Cutting edge: When the travelling salesman gets an order for 1000s of Surtabs


pic_3694Now that businessman Gregory Mevs has left the presidential advisory board he co-chaired with Bill Clinton, who will fill the travelling salesman role for Haiti?

Some say that’s a job best left to politicians. For, they are, at the end of the day, travelling salesmen of the wiliest sort, laying out their snakeoil or other wares at the slightest excuse. Sometimes, as has happened in the UK for years, they recruit others to strengthen the sales team. The business ambassadors appointed by successive British governments have generally drawn from the ranks of the wealthy and the self-made – bankers, CEOs, entrepreneurs, dot com-chancers and the like. Take a look at David Cameron’s November 2010  appointees here.

Haiti’s prime minister happens to be rather a good travelling salesman, if this Le Nouvelliste report is to be swallowed whole. Passing through Caracas, he’s managed to sell Venezuela the concept of Haitian high-tech powering Venezuelan students search for enlightenment.

Venezuelan President Nicolas Maduro, says the report, “intends to place a large order of tablets for Venezuelan students to create sustainable jobs for Haitian youth.” I’ve seen real figures mentioned elsewhere, namely this site, and it quotes simply unbelievable numbers: “In his statement, President Maduro explained that 2.6 million tablets with cellular technology will be manufactured whose 300,000 in a first time, will be delivered in the coming weeks. He indicated that he will meet soon with the Prime Minister of Haiti to advance on the issue of the cooperation Alba-Petrocaribe and confirmed ‘Haiti will manufacture a tablet, as part of a productive partnership to deliver 2,600 of these tablets to our students’.”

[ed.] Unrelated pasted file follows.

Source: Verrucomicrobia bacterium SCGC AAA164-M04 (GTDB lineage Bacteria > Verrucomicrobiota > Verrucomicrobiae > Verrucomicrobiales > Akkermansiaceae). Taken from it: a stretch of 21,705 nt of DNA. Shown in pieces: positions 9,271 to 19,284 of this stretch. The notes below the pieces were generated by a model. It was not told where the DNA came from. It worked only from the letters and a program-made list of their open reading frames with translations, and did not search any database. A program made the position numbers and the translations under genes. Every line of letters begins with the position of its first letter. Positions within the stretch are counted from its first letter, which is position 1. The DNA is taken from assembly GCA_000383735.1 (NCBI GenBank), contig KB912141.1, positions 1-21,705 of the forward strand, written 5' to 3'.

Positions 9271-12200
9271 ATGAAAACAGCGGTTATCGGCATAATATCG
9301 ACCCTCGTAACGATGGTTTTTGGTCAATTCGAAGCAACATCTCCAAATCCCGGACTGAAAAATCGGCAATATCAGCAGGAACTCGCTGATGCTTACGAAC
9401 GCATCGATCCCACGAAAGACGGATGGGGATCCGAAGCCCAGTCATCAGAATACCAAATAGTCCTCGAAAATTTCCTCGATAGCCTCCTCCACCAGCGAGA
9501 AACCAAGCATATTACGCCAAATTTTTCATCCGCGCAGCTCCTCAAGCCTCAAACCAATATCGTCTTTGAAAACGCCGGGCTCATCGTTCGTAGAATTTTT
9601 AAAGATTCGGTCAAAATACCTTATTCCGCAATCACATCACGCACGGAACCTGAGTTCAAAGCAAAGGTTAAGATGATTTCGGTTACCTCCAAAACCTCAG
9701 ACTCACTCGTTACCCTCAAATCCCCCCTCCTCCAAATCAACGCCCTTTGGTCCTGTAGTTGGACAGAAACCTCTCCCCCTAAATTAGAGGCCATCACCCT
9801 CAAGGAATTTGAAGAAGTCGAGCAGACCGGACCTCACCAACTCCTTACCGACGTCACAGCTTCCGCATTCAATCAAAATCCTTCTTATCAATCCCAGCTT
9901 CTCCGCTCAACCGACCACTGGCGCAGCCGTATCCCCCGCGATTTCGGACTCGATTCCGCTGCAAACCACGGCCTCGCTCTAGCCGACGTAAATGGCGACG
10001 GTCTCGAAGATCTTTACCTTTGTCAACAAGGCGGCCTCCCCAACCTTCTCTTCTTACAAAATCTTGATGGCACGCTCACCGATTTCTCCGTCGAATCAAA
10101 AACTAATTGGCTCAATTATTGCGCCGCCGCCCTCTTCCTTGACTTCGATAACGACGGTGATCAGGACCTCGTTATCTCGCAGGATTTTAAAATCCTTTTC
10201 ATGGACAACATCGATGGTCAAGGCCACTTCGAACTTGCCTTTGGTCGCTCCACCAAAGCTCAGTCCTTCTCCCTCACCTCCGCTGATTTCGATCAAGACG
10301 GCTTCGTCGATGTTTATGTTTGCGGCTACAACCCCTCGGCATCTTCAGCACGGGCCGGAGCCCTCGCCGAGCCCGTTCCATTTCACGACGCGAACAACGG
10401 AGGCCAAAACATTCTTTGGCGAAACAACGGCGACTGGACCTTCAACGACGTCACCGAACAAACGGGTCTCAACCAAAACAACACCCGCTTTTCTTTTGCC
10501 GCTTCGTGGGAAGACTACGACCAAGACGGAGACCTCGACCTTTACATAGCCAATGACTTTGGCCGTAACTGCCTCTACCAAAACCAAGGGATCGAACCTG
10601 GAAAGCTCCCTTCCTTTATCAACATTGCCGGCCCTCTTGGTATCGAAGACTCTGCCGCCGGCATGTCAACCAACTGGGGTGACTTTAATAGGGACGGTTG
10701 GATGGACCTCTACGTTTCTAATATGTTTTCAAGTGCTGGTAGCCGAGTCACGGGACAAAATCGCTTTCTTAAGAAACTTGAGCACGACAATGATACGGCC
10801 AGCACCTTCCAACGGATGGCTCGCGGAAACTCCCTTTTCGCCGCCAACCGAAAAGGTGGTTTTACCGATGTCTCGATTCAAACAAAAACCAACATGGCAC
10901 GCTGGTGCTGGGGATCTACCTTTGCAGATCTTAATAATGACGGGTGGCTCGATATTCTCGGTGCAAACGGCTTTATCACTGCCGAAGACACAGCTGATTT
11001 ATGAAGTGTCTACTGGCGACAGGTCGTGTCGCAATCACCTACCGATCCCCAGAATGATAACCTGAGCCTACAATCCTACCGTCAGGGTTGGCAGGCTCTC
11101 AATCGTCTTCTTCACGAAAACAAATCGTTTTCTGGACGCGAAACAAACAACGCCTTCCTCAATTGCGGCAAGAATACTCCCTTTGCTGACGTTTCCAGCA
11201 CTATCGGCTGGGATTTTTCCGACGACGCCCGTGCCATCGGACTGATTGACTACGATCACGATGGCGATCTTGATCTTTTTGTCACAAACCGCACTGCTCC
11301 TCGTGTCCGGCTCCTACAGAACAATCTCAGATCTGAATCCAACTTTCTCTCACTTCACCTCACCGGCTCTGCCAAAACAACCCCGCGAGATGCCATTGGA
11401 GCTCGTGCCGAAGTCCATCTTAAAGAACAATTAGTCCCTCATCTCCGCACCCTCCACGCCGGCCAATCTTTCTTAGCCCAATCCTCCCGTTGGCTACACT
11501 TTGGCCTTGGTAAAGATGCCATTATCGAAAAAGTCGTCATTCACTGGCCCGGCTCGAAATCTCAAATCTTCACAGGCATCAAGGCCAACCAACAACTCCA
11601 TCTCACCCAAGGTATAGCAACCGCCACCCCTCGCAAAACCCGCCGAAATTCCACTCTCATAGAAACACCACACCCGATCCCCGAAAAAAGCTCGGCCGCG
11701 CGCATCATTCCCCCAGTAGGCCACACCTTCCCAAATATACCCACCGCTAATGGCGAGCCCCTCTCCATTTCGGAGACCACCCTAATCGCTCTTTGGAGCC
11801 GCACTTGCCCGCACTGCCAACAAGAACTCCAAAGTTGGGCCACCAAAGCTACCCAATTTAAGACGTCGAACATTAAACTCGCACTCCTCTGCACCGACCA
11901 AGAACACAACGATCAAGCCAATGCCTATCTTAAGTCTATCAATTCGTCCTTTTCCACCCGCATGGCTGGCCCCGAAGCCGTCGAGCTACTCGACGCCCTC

This is pretty remarkable for all sorts of reasons. When I visited Surtab’s factory mid-February for my Guardian piece, they weren’t manufacturing anything but the means to hopefully rachet up production by way of hiring more people. Oh, and they were also working on bank loans and plans for the future. They couldn’t manufacture because they didn’t have their supplies, which had been stuck in customs for weeks. However, they did say that once they started assembling the tablets again, they hoped to continue at a steady pace because the customs issues were unlikely to be repeated and the bank loans would enable Surtab to upscale production levels.

Till then, the thousands of tablets planned for Venezuela must be seen as no more than a gleam in the eye of the salesman.

Jack Kerouac

“Our battered suitcases were piled on the sidewalk again; we had longer ways to go. But no matter, the road is life”
– Jack Kerouac